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Bolivia's illegal coca becomes compost rather than cocaine
Mattia Cabitza, Guardian
... authorities in Bolivia are experimenting with turning illegal coca harvests into organic fertiliser, and they say the results look promising.
Every year Bolivia confiscates almost 700 tonnes of illegal coca from drug traffickers. The government's coca director, Luis Cutipa, believes that turning this excess into fertiliser will deprive criminals of their raw material for making cocaine, much of which goes to Brazil and on to Europe. He is optimistic that compost made from coca can be made on an industrial scale.
(30 March 2011)
Insects will be important part of UK diet by 2020, says scientist
Rebecca Smithers, Guardian
Western diners should get used to the idea of eating insects because by 2020 it is "inevitable" they will form an important part of our diet, according to the entomologist who heads up the world's first university centre focusing on insects as a food source.
He argues that consumers who have traditionally turned their noses up at six-legged food may have to change their minds as conventional meat becomes more expensive and scarce.
In an interview with Wired magazine, Prof Marcel Dicke of Wageningen University said: "The most important thing is getting people prepared, getting used to the idea. Because from 2020 onwards, there won't be much of a choice for us."
(31 March 2011)
Legislation would open Illinois to sale of more homemade goods
Alejandra Cancino, Chicago Tribune
The aroma of freshly baked banana bread lingered in Susan Wachter's home in Lincoln, Ill., as a half-dozen loaves cooled on her kitchen table.
"God blessed me with the ability to bake things and grow things. These are my talents," Wachter said.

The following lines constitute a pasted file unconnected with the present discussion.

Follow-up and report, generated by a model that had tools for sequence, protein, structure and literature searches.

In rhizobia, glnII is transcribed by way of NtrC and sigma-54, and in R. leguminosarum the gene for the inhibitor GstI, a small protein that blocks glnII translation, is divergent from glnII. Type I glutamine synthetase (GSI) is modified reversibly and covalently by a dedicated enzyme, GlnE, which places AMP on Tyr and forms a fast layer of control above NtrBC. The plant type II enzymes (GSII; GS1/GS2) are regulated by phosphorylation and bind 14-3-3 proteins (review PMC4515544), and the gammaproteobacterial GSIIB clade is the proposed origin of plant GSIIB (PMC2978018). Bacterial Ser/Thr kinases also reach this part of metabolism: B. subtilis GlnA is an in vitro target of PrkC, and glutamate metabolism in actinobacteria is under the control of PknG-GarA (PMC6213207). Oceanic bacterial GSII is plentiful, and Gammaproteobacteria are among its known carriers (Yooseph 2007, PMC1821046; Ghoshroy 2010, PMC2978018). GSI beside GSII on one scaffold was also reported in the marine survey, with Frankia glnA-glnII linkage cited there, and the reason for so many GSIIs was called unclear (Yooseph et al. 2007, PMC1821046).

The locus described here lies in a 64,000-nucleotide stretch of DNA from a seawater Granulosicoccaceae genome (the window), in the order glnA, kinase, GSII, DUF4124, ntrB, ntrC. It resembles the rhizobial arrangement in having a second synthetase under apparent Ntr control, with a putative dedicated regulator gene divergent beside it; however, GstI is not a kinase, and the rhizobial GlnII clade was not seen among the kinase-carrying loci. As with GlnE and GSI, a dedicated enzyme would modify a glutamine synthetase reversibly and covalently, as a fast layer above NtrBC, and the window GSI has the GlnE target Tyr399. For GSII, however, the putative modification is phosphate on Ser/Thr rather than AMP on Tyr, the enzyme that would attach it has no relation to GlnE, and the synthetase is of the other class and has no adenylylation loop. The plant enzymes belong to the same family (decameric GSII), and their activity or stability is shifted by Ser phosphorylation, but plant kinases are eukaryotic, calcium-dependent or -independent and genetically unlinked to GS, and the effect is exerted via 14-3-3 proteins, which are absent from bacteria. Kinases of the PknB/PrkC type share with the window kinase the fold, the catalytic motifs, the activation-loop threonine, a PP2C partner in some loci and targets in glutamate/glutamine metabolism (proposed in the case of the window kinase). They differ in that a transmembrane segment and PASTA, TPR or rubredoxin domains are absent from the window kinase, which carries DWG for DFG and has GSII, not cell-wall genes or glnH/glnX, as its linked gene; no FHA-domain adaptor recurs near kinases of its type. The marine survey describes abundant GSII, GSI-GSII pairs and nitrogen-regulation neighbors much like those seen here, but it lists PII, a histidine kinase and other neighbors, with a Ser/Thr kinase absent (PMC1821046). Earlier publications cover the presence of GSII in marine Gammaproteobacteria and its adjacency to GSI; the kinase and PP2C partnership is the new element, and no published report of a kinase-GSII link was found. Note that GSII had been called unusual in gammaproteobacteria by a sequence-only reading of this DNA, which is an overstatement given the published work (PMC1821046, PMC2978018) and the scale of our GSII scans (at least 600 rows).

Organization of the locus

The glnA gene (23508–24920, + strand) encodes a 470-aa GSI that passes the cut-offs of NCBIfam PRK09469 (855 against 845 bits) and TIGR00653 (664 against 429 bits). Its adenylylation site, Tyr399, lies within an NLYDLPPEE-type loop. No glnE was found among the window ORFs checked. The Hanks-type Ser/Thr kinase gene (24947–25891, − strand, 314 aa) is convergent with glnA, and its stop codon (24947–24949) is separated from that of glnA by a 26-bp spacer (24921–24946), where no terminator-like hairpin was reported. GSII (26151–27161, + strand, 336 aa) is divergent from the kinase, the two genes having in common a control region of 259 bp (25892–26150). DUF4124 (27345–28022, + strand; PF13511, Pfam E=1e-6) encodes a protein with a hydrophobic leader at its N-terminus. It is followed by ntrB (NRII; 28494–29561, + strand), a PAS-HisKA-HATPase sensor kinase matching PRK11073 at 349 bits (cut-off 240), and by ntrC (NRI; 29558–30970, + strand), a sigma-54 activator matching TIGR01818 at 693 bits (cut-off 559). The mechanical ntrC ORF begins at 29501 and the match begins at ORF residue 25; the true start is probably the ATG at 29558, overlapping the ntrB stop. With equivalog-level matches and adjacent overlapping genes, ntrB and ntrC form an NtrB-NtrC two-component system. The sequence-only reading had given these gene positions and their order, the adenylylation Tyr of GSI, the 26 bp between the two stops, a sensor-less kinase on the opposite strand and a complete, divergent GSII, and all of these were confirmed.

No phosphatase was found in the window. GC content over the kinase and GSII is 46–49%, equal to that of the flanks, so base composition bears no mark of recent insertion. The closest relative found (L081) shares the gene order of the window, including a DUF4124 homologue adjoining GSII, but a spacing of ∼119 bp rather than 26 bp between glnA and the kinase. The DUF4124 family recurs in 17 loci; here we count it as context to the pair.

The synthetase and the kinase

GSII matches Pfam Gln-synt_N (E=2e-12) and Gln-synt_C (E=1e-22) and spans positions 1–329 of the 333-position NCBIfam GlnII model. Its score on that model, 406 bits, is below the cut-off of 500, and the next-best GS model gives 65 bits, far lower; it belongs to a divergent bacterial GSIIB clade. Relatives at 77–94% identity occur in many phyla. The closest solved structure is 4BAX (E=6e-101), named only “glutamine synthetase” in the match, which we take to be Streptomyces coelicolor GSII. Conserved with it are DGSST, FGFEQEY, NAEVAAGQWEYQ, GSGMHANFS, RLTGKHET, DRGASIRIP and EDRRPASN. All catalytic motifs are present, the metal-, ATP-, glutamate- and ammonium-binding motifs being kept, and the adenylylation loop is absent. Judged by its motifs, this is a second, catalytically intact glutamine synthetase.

About two years ago, she turned that love into a business. She'd bake cookies, sweetbreads and Texas sheet cakes and sell them at farmers markets.
But in May the Illinois Department of Public Health told people like Wachter to hang up their spatulas and put away their pans and cookie sheets unless their kitchens passed an inspection. To do so, Wachter said, she would have had to build a separate kitchen at a cost of about $100,000.
"That's a lot of cookies," she said.
The crackdown stifled dozens of people across the state who supplemented their income by selling home-baked goods at farmers markets, fairs and other outdoor events.
As for Wachter, she is now cranking out peanut butter, cheese and chicken biscuits for dogs. She can sell them as long as she labels them "not for human consumption."
A state senator is trying to change the law to promote the consumption of locally produced baked goods and give people a way to make extra cash.
"We looked at legislation from other states, in particular, Minnesota, where they have, in a sense, deregulated some of the requirements that small vendors have to go through to be able to make their jams and jellies and baked goods … for farmers markets sales," said Sen. David Koehler, D-Peoria, chief sponsor of Senate Bill 137.
But the Illinois Department of Public Health, local health departments and various health associations aren't so keen on that idea because they believe such a loophole would lead to more people getting sick.
"We are very concerned," said Sean McDermott, director of policy development at the Cook County Department of Public Health.
McDermott said that allowing people to prepare food in an unregulated environment could lead to an increase in foodborne-illness outbreaks. For instance, he said, parents and pet owners might contaminate food if they don't wash their hands after changing diapers or cleaning up after their pets.
In 2008, there were 23 confirmed foodborne outbreaks in Illinois affecting nearly 2,900 people, according to the Centers for Disease Control and Prevention. Of those, only four, in which a total of 41 people got sick, involved food prepared at private homes. In one case, cheese was the culprit; ground turkey was cited in another. Investigators failed to pinpoint a source for the two other outbreaks.
Koehler's bill would allow people to sell "non-potentially hazardous food," items usually not associated with foodborne illnesses such as cookies, jam and dried herbs, at farmers markets and community events. To do so, they would have to obtain a sanitation management certificate and label the food with the name and address of the maker, the product's name, its ingredients and the date it was processed. The label would also include a warning stating that the product is "homemade and not subject to state inspection."
(22 March 2011)
Video at original. -BA